Farmers and researchers are always working to come up with new varieties that consumers will be interested in while also being a variety that can withstand ever-changing factors such as weather, climate, pests, and more. As of today, there are more than 2500 varieties of apples.

One of the pillars of the Farm Bill is Risk Management, which includes crop insurance. Crop insurance is essential for keeping farmers on their feet when crops are wiped out due to weather or a new pest is introduced to the area (among many other things).

I think it’s important to remember that crop insurance is an integral part of modern farming and is essential for creating a stable food system. The only way to keep farmers farming, is to give them the support needed to weather the bad times and prepare for the next season. 

And finally, the bill is often referred to as the Food and Farm Bill because 80% of the farm bill is dedicated to nutrition and education programs. These programs include making healthy foods more accessible for seniors, Veterans, those with disabilities, and more.

And milk is one of those foods! We had the pleasure of visiting Dutch Hollow Farms where we learned all about Jersey cows, how dairy farms operate, and what kind of lifestyle it takes to run a family-owned and operated dairy farm for generations. It’s an around-the-clock operation that takes true dedication.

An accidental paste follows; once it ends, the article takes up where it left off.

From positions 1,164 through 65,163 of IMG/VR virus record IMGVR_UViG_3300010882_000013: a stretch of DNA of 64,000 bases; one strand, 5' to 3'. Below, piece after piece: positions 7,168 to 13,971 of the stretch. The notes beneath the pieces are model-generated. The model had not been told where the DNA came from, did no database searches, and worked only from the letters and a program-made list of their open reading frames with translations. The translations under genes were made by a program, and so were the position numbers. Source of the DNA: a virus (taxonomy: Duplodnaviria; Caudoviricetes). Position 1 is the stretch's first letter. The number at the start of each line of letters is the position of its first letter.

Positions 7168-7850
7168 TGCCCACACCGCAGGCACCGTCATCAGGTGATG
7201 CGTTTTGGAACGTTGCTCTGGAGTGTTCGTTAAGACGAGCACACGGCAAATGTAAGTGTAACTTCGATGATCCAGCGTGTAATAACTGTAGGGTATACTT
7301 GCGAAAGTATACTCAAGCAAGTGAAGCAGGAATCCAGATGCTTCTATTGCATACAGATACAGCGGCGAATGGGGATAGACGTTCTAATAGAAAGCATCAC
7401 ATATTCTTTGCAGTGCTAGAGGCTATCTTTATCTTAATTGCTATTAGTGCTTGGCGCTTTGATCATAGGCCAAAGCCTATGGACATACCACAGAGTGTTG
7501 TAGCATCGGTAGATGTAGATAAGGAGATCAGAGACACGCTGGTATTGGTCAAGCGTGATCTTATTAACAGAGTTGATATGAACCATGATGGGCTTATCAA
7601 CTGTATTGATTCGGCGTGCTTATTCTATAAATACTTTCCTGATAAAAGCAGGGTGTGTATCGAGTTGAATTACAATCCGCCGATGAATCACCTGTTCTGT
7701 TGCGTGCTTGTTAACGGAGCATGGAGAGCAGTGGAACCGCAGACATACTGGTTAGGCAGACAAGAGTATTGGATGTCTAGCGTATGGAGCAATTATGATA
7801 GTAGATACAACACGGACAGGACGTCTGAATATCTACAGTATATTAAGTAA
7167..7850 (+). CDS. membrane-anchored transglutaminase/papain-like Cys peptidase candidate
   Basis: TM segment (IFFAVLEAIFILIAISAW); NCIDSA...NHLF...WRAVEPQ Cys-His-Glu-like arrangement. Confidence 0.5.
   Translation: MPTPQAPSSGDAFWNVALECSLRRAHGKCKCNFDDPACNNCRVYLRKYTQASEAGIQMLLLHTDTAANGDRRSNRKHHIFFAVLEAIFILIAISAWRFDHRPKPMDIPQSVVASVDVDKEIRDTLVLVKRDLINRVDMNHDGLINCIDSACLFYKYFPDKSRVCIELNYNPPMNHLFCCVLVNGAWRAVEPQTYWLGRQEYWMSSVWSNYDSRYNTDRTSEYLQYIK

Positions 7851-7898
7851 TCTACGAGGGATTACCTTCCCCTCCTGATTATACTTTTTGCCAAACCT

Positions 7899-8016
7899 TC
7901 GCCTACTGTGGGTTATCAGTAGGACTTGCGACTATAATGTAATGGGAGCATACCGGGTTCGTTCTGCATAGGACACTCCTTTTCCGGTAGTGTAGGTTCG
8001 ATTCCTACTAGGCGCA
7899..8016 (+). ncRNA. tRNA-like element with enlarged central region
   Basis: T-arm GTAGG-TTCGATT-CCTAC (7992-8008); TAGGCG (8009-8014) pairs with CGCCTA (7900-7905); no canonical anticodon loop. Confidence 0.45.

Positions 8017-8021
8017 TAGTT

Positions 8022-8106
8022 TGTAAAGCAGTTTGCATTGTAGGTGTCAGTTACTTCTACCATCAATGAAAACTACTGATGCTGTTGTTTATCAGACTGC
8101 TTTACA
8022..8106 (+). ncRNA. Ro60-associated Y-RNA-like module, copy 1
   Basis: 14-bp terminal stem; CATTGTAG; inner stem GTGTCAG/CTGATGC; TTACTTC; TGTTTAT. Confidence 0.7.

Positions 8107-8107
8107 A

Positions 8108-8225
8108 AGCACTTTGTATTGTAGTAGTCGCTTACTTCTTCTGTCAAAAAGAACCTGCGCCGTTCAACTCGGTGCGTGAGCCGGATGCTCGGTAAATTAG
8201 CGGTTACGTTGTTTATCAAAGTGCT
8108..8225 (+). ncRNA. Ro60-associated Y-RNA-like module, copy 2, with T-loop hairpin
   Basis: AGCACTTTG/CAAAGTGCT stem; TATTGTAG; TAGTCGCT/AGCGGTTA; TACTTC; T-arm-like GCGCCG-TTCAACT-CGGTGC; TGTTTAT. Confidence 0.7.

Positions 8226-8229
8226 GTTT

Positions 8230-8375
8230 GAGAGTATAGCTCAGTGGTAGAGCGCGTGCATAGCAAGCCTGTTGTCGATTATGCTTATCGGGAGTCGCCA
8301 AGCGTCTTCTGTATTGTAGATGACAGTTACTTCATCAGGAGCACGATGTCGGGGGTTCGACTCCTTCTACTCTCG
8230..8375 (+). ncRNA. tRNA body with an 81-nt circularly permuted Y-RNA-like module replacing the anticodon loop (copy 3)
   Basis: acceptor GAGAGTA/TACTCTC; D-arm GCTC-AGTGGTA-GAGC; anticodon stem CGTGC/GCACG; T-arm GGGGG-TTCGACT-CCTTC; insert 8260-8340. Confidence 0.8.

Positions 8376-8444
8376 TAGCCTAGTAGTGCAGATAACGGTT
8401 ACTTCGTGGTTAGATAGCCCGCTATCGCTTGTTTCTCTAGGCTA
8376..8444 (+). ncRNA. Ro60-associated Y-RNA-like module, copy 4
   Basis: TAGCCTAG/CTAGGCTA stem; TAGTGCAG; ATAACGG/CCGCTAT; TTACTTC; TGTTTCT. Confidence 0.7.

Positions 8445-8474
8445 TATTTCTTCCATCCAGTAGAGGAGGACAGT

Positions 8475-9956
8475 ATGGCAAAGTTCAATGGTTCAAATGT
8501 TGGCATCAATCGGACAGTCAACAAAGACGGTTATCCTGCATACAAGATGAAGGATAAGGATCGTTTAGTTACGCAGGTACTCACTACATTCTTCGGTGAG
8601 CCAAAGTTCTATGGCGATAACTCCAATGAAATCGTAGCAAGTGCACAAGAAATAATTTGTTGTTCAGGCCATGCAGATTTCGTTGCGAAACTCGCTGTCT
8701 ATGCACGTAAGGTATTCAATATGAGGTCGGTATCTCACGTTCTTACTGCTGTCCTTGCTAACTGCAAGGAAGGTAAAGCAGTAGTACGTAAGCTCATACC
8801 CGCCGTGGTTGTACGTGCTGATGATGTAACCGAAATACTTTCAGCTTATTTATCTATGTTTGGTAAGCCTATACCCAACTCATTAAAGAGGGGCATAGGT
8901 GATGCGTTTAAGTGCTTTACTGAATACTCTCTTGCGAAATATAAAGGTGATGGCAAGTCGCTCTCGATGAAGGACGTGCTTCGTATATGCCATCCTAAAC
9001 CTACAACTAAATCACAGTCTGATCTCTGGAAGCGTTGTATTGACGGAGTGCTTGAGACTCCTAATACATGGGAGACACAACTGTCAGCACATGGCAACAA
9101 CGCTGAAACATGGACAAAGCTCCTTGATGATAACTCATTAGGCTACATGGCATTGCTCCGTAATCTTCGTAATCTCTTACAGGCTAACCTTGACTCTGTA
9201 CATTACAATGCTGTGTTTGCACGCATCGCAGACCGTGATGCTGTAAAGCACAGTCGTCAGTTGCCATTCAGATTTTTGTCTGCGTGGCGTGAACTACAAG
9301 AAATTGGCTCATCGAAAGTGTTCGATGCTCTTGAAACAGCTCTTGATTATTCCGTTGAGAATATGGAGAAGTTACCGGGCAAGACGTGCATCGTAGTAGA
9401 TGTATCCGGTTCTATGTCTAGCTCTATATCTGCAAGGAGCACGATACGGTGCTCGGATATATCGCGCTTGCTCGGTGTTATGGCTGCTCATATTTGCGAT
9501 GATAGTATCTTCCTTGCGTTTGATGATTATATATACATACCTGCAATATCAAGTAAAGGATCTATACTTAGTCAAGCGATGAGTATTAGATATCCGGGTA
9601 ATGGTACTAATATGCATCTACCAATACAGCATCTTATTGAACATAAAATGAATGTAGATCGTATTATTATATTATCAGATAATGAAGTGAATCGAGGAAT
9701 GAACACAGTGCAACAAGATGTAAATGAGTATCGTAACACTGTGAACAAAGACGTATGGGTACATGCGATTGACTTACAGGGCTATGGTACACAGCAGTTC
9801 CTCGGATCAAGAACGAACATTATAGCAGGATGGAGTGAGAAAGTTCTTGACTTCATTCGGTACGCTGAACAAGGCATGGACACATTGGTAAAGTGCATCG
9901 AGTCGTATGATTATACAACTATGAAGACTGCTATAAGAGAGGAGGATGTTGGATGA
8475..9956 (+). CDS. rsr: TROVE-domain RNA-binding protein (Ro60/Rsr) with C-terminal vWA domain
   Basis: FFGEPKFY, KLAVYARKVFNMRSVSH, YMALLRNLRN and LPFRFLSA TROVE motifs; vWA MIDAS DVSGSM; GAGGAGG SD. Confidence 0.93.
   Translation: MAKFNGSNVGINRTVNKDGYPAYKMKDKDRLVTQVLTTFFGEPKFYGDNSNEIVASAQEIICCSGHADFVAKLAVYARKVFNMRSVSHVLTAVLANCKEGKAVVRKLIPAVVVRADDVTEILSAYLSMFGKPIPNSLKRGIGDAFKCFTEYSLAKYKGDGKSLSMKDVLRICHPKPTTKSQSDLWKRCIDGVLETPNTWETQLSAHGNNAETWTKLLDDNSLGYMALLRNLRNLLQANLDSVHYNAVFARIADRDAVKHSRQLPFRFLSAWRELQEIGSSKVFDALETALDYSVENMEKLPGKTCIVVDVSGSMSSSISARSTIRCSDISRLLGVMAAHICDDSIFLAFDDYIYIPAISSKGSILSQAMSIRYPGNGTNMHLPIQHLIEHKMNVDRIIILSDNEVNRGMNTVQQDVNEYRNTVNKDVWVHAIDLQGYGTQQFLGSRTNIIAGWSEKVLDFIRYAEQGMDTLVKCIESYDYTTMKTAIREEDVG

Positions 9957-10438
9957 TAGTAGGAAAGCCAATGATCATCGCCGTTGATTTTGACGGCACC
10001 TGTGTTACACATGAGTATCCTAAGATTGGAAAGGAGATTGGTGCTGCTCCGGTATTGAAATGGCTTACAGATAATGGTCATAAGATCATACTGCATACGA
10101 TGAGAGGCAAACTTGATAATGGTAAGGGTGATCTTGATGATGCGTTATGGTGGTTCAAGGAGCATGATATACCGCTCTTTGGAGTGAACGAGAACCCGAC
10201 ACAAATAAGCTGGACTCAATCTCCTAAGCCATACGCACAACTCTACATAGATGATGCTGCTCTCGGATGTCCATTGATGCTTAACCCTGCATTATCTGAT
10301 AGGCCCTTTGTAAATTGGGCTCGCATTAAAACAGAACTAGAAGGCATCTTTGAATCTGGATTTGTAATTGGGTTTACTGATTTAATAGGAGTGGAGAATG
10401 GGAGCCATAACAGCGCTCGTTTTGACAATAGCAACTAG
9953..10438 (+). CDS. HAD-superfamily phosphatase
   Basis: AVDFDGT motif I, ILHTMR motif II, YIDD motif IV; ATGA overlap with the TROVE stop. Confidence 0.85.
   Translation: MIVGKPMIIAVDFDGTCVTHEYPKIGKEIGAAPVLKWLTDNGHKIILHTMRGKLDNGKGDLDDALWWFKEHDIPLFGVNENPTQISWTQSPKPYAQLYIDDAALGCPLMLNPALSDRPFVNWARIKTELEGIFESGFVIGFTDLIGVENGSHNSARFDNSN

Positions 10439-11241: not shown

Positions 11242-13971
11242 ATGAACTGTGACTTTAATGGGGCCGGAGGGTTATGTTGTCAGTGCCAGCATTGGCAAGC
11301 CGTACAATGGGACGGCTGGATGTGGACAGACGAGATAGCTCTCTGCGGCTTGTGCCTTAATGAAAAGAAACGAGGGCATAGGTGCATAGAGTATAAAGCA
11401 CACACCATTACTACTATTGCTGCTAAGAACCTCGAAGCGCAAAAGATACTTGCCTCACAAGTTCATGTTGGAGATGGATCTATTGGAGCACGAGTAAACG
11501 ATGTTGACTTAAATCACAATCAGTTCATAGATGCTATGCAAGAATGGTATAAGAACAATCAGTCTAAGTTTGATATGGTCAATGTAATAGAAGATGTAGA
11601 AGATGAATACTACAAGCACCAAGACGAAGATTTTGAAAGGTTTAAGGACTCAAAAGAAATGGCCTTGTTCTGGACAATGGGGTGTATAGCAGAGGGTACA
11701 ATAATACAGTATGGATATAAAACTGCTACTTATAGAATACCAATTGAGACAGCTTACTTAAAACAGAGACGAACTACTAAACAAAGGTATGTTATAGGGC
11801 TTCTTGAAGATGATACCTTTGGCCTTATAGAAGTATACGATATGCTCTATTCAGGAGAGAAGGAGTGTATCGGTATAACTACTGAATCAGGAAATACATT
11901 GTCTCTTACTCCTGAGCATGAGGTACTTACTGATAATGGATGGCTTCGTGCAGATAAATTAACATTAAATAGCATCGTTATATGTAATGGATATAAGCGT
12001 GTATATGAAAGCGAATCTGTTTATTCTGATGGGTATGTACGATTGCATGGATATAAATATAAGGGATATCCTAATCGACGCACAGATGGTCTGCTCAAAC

At the end of the day, we should all know that farm and ranch families comprise less than 2% of the U.S. population but account for 90% of total agricultural production value. These are real people, real families, feeding our country and caring for our land. I have never met someone who loves our planet like a farmer does. This bill is not just important for farmers, it’s important for every American. 

Learn more about the farm bill today!

More Brine Recipes to Try

Share it with the world


About The Author

Lauren Grant is a professional culinary food scientist, food writer, recipe developer, and food photographer. Lauren is a previous magazine editor and test kitchen developer and has had work published in major national publications including Diabetic Living Magazine, Midwest Living Magazine, Cuisine at Home Magazine, EatingWell.com, AmericasTestKitchen.com, and more.

Learn More

Leave a comment

Your email address will not be published. Required fields are marked *

How many stars would you give this recipe?